WIC in Wuzhen: Cyber security is the challenge

By Shastri Ramachandaran
0 Comment(s)Print E-mail China.org.cn, November 16, 2016
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The just-ended U.S. election, won by Donald Trump to become the 45th President, brought to the fore the issue of cyber security. U.S. accusations of Russia hacking the former's networks, followed by Washington's fears that Moscow's cyber intrusions could influence the presidential election - regardless of the truth of the charges - underscore that cyber security is a matter of global concern today.

In fact, the high state of cyber alert on the part of both the U.S. and Russia to ward off any attack on polling day is a reminder that this is the new frontier where states would be pitted against each other in safeguarding national sovereignty and security. A nation's "territorial integrity" is no longer merely geographical - it extends to its cyber world as well. Actually, the cyber territory is the first line of defense.

The growing recognition - and importance - of this new reality is all too evident in cyber security emerging as the principal focus of the third World Internet Conference (WIC) being held in Wuzhen from November 16-19.

Wuzhen, an ancient water town in Zhejiang Province to the south of the Yangtze River, is the permanent venue of the WIC Summit, a Chinese platform for international exchange, which is a landmark in the history of Internet development worldwide. This year's WIC brings together 1600 cyberspace tycoons and officials from governments, international organizations, corporations, technical communities and non-governmental associations from across the world.

This year's theme is "Innovation-driven Internet Development for the Benefit of All - Building a Community of Common Future in Cyberspace." However, the hot topic that may dominate is expected to be cyber security.

At the WIC last year, President Xi Jinping spoke of "Internet sovereignty" and exhorted the world to "respect each country's Internet sovereignty, respect each country's right to choose its own development path and management model of the Internet." The second WIC released the Wuzhen Initiative, calling on all countries to promote Internet development, foster cultural diversity in cyber space, share the fruits of Internet development, ensure peace and security in cyber space, and improve global Internet governance.

Xi's proposals on global Internet governance to "jointly build a community of shared future in cyberspace" were a signal that China would work to usher in an "orderly system." As an Internet power - with 710 million Internet users and broadband access in all cities and towns, and 95 percent of the villages - China is in a position to pursue its agenda. And, in keeping with the thoughts of President Xi, it was inevitable that cyber security would emerge as a priority sooner rather than later.

Thus, on November 7, China's top legislature adopted a cybersecurity law to safeguard sovereignty in cyberspace, national security and citizens' rights. Predictably, this law, avowedly to combat hacking and terrorism, has triggered protests by foreign business and Western interest groups.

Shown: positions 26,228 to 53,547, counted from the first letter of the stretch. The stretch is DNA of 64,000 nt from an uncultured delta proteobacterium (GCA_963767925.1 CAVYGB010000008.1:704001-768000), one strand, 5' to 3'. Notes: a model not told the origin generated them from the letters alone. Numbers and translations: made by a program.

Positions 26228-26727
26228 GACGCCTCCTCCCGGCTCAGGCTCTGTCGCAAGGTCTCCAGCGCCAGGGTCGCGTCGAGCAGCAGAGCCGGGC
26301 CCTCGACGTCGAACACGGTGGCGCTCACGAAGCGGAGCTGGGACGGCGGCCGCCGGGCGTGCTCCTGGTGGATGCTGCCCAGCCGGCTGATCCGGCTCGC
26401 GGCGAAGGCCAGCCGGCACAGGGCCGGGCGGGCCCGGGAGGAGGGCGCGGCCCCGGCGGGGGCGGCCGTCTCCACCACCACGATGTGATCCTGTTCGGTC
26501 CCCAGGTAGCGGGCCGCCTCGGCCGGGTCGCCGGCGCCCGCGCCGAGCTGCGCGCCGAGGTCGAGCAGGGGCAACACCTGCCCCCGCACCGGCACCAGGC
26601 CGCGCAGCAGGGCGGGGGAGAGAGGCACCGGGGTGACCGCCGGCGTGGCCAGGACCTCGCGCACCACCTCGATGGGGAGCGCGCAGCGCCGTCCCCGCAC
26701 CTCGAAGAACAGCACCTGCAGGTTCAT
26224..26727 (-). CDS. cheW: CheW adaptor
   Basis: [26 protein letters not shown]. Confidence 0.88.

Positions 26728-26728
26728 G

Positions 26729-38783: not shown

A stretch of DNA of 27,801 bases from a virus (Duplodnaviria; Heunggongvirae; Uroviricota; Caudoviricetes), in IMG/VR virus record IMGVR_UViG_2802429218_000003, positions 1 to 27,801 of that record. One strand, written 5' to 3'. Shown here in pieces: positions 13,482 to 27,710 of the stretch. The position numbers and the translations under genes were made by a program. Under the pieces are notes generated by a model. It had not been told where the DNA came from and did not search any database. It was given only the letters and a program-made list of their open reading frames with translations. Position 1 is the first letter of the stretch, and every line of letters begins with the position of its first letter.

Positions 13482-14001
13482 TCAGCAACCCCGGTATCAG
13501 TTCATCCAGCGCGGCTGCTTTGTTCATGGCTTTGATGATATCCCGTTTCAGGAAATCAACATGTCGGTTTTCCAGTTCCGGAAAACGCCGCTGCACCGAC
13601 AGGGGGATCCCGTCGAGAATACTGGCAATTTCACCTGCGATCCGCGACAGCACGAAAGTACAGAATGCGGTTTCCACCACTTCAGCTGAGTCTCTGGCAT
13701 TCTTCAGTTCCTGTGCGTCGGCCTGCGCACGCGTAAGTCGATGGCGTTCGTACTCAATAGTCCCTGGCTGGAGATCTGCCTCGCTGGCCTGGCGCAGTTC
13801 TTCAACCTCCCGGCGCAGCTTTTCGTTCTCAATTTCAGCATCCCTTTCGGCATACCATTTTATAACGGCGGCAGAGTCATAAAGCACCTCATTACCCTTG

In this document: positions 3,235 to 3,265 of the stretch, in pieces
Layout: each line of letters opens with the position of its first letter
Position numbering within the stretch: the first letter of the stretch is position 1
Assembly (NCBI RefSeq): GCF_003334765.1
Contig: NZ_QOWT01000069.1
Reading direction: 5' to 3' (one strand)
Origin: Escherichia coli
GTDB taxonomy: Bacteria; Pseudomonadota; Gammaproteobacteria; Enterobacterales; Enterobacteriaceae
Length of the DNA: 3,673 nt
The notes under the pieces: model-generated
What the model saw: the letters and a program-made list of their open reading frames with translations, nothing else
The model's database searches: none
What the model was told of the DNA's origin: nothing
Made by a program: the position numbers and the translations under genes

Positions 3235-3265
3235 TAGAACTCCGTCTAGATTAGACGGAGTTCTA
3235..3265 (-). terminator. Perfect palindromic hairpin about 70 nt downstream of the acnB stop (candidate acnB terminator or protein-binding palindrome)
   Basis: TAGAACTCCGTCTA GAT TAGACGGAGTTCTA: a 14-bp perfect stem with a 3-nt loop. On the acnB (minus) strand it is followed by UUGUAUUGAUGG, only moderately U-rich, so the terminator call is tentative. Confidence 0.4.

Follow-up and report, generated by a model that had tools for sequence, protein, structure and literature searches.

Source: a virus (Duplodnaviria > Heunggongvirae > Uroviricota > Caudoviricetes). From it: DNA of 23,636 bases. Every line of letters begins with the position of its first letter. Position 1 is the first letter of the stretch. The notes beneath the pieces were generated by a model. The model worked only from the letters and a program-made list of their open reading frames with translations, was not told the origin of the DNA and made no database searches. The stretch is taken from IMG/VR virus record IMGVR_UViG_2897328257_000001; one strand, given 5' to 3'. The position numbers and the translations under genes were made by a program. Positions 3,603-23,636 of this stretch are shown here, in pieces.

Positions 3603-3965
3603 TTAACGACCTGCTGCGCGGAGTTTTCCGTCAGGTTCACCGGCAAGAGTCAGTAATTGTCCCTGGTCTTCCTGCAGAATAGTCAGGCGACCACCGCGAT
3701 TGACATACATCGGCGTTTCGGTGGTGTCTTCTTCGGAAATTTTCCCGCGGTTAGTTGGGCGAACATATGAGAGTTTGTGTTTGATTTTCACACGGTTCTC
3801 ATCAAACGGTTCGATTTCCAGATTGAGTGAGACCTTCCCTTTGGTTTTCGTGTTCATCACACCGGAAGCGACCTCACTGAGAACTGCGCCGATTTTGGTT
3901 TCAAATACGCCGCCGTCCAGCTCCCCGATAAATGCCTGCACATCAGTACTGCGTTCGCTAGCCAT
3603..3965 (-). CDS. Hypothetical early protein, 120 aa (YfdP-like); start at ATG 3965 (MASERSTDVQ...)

The controversial clauses which are being objected to include requirements for "critical information infrastructure operators" to store personal information and important business data in China, provide unspecified "technical support" to security agencies, and pass national security reviews.

Although Chinese officials have reassured that it would not interfere with foreign business interests, the debate continues with over 40 global business groups still protesting some of the provisions in the draft law. However, the law does provide individual protections by restricting the amount of personally identifiable information that can be collected, how it can be transferred, and giving individuals the right to seek removal of information.

Interestingly, many of the cyber security law's provisions have been used previously as they are common to other laws on public security and national security. Thus, there is merit in China's claim that the new law is formal codification of what is already in practice, and equally applicable to all - domestic and foreign - businesses.

Equally true is China's statement that the law is similar to rules in other countries, at least when compared to India's National Cyber Security Policy unveiled in July 2013. Although India has a different political system from that of China, the government hastened to draft its Cyber Security Policy after whistleblower Edward Snowden's disclosures revealed that much of the U.S. National Security Agency's surveillance was focused on India's domestic politics, and its strategic and commercial interests.

The vision, mission, objectives and strategies of India's Cyber Security Policy are not very different from that of China's; and, like in China's cyber security law, "Protection and Resilience of Critical Information Infrastructure" is an important strategic element of India's policy, too.

Laws and restrictions relating to cyber space are bound to be resisted and, for that reason, would always be controversial because historically individual freedom has always been at odds with the interests of the state. Much like this historical tension, ambiguities in national policy and legislation will also persist.

In the event, the WIC at Wuzhen cannot end the debate for all time, but it may serve the purpose of clarifying the new law. And, towards that end, state agencies are expected to release details about the regulations related to implementation of the law.

Shastri Ramachandaran is a columnist with China.org.cn. For more information please visit:


Opinion articles reflect the views of their authors, not necessarily those of China.org.cn.

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